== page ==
• Start edpcloud services now using the following command:
cd $installdir/edpcloud/bin
. startall

Verify that edpcloud file replication software is running


edstat will show you the status, the number of files in the journal, the bytes on the move, etc.

Examine the output of df, and you will see that edpcloud mounted both /data1 and /data2.

  • If for any reason, edstat is showing any errors, then you need to
    examine eddist.log under the edpcloud logs directory (other useful logs are edfsmonitor*log, ed_receiver*log, ed_sender*log).
  • Test that file replication is taking place in real time and that your local data under /data1 and /data2 is being synchronized as it changes on the localhost to the remote server:
  • Now go to /data1 and touch a file or write to it, rename it, etc., and you will see your changes replicated to the remote host. Please note that deletes are not propagated by default.

Propagating deletes to the remote host

By default, to protect against misuse, deletes are not propagated.

If you want deletes to be propagated, then add the deletes=”1″ to the configuration as shown below.

 <?xml version="1.0" encoding="UTF-8"?>
<config name="enduradata" password="zooo" deletes="1" >
    <link name="or" >
        <sender hostname="localhost" 
        <receiver  hostname="" 


By default the top directory as indicated by storepath="/media/bob/backup/%ip%" must exist unless you
edited enduradata_env to add:


Another directive to create the top directory for storepath is to create file createpath under $edpcloud/etc:

touch $edpcloud/etc/createpath

You will need to perform the initial synchronization to copy the local files and directories first:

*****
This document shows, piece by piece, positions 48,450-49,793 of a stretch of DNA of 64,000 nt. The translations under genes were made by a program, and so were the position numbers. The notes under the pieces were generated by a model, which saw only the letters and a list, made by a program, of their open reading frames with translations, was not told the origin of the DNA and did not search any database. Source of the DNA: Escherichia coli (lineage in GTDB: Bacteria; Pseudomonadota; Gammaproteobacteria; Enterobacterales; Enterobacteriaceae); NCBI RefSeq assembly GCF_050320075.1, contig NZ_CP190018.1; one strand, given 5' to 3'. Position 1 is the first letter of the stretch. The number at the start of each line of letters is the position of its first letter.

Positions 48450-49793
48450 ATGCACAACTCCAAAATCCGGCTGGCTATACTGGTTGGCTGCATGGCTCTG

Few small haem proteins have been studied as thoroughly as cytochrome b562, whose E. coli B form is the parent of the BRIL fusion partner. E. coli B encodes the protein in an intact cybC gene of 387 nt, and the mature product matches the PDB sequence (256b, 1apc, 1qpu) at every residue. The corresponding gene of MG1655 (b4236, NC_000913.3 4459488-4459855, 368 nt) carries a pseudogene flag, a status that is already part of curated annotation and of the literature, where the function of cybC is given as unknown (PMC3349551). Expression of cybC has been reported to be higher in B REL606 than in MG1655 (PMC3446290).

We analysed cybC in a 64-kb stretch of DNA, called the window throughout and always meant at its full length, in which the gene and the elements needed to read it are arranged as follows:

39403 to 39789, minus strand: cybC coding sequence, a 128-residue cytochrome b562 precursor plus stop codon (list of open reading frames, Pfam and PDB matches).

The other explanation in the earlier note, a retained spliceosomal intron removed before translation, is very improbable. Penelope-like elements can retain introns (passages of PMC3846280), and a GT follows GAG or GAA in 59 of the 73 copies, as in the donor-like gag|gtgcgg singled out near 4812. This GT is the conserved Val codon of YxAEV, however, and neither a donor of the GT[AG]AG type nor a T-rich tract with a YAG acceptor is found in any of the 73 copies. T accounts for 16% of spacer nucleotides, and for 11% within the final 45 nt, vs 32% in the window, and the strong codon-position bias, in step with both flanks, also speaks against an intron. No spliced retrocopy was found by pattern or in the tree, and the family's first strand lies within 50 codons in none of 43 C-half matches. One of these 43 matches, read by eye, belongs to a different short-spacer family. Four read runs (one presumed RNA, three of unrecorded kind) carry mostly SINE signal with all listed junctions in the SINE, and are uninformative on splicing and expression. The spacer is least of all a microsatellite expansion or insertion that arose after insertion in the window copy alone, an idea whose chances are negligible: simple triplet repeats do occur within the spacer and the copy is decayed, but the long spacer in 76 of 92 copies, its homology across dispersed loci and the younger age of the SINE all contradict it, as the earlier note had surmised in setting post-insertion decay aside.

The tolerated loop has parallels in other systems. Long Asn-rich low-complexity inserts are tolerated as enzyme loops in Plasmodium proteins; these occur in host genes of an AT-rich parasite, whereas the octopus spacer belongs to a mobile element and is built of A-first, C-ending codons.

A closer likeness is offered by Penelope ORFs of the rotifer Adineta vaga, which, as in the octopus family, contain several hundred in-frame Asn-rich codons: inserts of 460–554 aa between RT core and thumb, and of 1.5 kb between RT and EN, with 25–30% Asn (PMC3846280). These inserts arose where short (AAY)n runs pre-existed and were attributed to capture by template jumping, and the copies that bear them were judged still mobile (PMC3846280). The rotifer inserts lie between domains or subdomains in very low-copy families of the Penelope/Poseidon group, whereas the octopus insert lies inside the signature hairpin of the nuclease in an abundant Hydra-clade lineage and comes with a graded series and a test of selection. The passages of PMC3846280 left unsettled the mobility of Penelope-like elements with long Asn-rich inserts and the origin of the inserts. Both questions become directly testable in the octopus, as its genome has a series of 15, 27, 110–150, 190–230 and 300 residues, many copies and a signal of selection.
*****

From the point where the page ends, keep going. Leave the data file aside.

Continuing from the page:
edq -l or -r -n /data1

edq -l or -r -n /data2

You may also use edmfq for better control of the file queueing for replication.

You will need to perform the initial sync only once, and after that, all file changes on /data1 and /data2 on the localhost will be sent to the remote host in real time.

If you want to synchronize and replicate multiple servers to the same remote host, install and drop the files you created in the edpcloud/etc directory on each of the servers, run restartall, and you are on your way to consolidating your backups, aggregating your content or whatever you want to achieve (Don’t forget to get the right package and to run the following command (IF and only if your mount version is older than 2.18)

touch ${ED_BASE_DIR}/bin/has_old_mount_version

Your Linux real-time file replication and synchronization software are installed and configured. EDpCloud keeps your many servers in sync to automate your business processes and data protection using file replication for online backup. Make sure you visit again and read about creating file archives.

Next time, we will talk about archiving file changes. Until then, be safe, but above all, protect your data.

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Additional articles you may find interesting:

See Details for eddist.cfg

Linux real-time file replication and synchronization software was last modified: November 1st, 2023 by aRoot